WhY an app?
There is no denying it: Generation Y is on its way to become the majority when it comes to workforce. This could be worth keeping in mind when structuring your internal communication and knowledge sharing between employees. A solution could be to meet them where they are, on their phone. Research from Comscore reveals that in 2018 apps account for over 80% of Mobile Usage. These numbers have grown, and are expected to increase, with an average of 6% year-by-year. Clearly, apps have become a well-segmented part of the average employees’ life and more importantly; the preferred way to navigate in the digital world. But what does this tendency really represent?
User experience is key
So, what does an app provide that a regular web page via a browser cannot achieve? Firstly, a unique user experience. The design and layout of an app provides you with the ability to refine what form of information the end-user receives and more importantly the reduction of noise. Relesys has grasped this focus with including digital designers from the very start of the process of implementing the app. Sequentially, we always test the first draft of the app amongst the end-user within the organisation.
It is the small things that do the difference when it comes to user experience. Features as the menu structure, colours, push-messages and direct feedback are small elements, who play a huge role in bettering the usage of an app. They increase the interaction between the app and the end user and give the user direct information about their needed topic. According to a survey by Ruby Garage 63% of the participants say they prefer apps because they are more convenient than webpages and 57% say that they are faster.
Furthermore, the concept of a work-life-balance is no longer relevant for Generation Y. It has been replaced with the idea of a work-life-blend. Instead of striving to find the right balance between getting work done at the office and spending time at home, the new generation tends to blur the lines between work and social life. It is worth considering if you are able to adapt to this change on a digital level. We at Relesys experience that the highest usage of our employee app is in the morning, before coming to work, and in the evening, after work. This is a great example on how the Generation Y is blending the lines between work and play. Also, we blend the social aspect and the operational tasks in one platform. This creates a togetherness at work among the employees. In order to consult our clients in information flow and knowledge sharing, we always use the need-to-have & nice-to-have focus on information.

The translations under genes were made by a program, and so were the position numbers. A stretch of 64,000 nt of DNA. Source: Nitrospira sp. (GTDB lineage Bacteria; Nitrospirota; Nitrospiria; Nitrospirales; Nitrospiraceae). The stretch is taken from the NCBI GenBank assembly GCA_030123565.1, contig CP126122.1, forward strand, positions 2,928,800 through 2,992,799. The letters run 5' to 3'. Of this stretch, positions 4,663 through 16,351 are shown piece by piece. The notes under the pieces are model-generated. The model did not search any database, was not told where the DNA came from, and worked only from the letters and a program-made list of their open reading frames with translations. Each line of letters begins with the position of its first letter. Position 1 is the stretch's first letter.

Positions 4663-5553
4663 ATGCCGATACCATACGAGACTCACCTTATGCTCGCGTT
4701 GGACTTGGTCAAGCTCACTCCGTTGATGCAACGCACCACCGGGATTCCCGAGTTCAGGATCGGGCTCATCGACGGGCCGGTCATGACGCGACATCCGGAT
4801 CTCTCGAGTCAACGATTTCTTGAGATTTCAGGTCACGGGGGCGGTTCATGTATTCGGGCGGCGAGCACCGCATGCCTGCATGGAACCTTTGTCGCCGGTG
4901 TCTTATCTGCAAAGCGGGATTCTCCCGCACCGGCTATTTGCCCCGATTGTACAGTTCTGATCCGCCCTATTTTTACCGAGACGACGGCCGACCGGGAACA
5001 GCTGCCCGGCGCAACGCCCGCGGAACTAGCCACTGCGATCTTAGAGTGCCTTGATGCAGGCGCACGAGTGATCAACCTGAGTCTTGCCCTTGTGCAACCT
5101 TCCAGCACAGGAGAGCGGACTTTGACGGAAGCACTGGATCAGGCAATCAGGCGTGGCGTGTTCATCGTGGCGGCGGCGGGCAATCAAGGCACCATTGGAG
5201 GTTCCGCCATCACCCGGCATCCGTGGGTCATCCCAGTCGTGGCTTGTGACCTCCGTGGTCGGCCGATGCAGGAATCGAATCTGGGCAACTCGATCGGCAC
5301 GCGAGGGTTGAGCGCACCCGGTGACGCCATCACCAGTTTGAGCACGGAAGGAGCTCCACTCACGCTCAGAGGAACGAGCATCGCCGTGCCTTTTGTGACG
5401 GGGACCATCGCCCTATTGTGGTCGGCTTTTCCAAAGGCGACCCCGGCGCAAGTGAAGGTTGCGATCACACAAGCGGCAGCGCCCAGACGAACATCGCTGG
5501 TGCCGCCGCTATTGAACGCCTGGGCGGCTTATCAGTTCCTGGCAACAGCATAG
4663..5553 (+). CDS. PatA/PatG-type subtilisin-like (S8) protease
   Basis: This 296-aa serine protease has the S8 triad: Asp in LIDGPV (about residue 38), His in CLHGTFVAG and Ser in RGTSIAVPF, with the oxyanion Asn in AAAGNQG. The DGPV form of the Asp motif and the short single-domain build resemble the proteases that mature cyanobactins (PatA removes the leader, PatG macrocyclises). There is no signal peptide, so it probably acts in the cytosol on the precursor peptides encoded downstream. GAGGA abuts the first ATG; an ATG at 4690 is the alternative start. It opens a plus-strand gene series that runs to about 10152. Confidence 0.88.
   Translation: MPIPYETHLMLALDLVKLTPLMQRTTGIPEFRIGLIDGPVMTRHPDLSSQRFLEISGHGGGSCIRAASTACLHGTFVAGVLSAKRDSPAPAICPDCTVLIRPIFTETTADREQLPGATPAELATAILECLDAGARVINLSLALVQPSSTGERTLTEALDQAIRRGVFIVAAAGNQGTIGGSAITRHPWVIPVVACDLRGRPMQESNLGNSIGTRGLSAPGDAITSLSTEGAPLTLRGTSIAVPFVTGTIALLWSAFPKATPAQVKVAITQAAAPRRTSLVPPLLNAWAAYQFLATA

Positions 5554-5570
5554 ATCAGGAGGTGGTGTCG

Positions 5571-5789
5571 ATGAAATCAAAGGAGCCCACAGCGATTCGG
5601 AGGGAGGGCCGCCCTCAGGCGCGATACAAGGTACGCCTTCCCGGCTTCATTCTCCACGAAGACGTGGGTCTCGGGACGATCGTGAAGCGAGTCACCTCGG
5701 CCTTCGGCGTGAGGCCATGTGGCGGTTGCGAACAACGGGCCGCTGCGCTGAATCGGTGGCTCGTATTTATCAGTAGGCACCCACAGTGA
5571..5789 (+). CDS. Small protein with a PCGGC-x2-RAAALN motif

Many companies face a problem of digital information overload, which sadly can be perceived as noise. With the work-life-blend concept the noise is expected to increase. In this situation, an app can prove as a powerful tool for displaying the specific knowledge needed for Generation Y avoiding information overload. The goal of the app is to align usage and user friendliness. If the noise is not avoided, employees with a work-life-blend lifestyle are more likely to be overwhelmed and stressed by work. In short: you will be able to distinguish between nice-to-have- and need-to-have-information.
Avoiding information overload can be a step in the right direction to a better internal communication. This is does not only concern the head quarter but also all the way down the hierarchy. It is just as important for the Saturday Casual to excel at his job as it is for the CEO. A great way of making sure this is running smoothly can be surveys and opinion polls. As an example, if you are head of a retail company it can be valuable information whether your young store workers are enjoying their job and understand the values of the company or not. They represent the company just as much as you do. In achieving this alignment from top to toe in the company an app can be a great tool by making simplicity and importance go hand in hand.